Anonymous hackers target Spanish police website

Summary:The hacker group known as Anonymous has struck again, and this time the target is the official website of Spain's national police force.

The hacker group known as Anonymous has struck again, and this time the target is the official website of Spain's national police force.

According to the BBC, www.policia.es was down for at least an hour on June 12th.

Spanish authorities would not confirm that Anonymous was behind the attack, saying only that the site was offline.

However, a statement was posted on a website linked to Anonymous, claimed responsibility for the hack, which it called #OpPolicia.

The group said it had used a distributed denial of service attack (DDoS) which bombards a target website with so much data that it becomes overwhelmed.

This latest attack directly follows last week's arrest of three people in Spain believed to be Anonymous' local leadership. The trio was arrested for their supposed involvement in the security breach of Sony's PlayStation Network this spring, but apparently they've been on the radar for months for hacking several other government and financial websites in multiple countries.

Spain wasn't alone in arresting Anonymous members. Turkish police detained 32 people suspected to be members of the online group. Reasons for the arrests in Turkey depend on which side you listen to. According to Reuters, Turkish authorities argued that the group was suspected of planned attacks on several websites, while Anonymous members claim that their actions were in protest to "government censorship of the Internet."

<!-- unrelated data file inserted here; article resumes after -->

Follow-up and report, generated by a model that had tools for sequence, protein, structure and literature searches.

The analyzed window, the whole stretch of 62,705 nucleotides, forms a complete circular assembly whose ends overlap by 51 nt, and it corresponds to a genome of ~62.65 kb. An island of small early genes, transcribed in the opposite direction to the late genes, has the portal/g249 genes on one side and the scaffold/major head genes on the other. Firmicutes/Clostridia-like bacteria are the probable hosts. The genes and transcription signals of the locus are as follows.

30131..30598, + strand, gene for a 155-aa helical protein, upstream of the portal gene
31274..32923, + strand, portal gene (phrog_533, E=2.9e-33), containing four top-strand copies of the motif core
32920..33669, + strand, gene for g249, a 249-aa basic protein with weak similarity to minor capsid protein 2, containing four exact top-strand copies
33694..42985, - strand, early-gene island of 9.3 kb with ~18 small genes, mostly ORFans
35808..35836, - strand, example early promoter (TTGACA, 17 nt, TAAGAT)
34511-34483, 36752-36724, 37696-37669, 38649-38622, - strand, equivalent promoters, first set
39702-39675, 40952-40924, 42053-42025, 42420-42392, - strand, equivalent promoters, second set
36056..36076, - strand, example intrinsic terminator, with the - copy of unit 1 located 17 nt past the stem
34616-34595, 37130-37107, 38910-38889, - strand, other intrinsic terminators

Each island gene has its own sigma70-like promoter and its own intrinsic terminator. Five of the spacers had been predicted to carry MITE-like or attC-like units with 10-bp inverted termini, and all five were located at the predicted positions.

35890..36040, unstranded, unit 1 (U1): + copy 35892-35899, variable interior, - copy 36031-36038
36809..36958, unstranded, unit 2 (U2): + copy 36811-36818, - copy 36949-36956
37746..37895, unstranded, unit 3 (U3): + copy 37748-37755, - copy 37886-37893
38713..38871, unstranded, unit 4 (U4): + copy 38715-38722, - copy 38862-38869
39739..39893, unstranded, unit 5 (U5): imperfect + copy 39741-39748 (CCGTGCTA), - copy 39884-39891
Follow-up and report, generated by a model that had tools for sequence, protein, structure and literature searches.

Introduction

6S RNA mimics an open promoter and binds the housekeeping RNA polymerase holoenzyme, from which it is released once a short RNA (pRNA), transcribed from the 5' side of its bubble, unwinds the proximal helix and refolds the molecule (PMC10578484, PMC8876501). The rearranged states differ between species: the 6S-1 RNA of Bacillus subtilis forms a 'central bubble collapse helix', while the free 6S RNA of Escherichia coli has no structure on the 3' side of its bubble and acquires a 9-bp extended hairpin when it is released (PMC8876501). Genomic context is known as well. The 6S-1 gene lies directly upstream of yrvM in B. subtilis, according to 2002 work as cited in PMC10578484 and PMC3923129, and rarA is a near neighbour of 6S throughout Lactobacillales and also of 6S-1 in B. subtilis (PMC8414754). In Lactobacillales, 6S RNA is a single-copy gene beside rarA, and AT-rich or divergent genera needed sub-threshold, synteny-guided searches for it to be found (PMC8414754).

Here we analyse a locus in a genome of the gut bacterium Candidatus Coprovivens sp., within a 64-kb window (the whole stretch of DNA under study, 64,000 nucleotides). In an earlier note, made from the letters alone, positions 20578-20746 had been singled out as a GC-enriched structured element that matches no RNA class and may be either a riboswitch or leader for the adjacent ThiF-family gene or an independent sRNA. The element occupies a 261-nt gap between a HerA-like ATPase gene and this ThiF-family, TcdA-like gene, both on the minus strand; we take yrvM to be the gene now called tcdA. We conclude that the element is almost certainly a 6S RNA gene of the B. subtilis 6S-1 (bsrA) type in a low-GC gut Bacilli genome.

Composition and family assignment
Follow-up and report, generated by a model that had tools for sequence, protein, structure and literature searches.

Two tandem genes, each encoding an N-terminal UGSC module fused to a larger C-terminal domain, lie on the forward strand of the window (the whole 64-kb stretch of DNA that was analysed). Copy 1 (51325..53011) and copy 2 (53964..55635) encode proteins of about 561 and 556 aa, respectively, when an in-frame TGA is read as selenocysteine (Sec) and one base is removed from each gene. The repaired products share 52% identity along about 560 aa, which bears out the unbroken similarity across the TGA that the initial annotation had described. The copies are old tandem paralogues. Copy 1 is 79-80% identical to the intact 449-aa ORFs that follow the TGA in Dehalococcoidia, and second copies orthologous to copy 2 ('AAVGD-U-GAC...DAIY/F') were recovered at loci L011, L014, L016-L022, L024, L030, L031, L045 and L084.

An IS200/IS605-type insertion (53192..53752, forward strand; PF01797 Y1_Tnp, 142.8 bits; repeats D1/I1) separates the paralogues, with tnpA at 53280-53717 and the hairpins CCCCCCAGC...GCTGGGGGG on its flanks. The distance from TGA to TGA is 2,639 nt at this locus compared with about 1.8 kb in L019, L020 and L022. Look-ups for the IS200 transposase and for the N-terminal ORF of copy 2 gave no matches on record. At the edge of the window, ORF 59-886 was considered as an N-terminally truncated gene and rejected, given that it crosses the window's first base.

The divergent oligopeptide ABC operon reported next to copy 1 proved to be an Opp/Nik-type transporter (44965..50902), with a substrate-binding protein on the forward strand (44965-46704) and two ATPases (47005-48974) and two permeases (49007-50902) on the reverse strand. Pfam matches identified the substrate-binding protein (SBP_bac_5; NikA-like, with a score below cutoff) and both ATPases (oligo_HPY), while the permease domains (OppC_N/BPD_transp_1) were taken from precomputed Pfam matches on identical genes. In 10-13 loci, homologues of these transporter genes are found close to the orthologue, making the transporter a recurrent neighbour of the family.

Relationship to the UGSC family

Anonymous also garnered attention worldwide for its involvement in the first major hack attack on the PlayStation Network in early April. The group subsequently denied that it had any hand in the attack that brought down PSN worldwide for several weeks starting in late April.

Related coverage on ZDNet:

Topics: Security, Browser, Software Development

About

Rachel King is a staff writer for CBS Interactive based in San Francisco, covering business and enterprise technology for ZDNet, CNET and SmartPlanet. She has previously worked for The Business Insider, FastCompany.com, CNN's San Francisco bureau and the U.S. Department of State. Rachel has also written for MainStreet.com, Irish Americ... Full Bio

zdnet_core.socialButton.googleLabel Contact Disclosure

Kick off your day with ZDNet's daily email newsletter. It's the freshest tech news and opinion, served hot. Get it.

Related Stories

The best of ZDNet, delivered

You have been successfully signed up. To sign up for more newsletters or to manage your account, visit the Newsletter Subscription Center.
Subscription failed.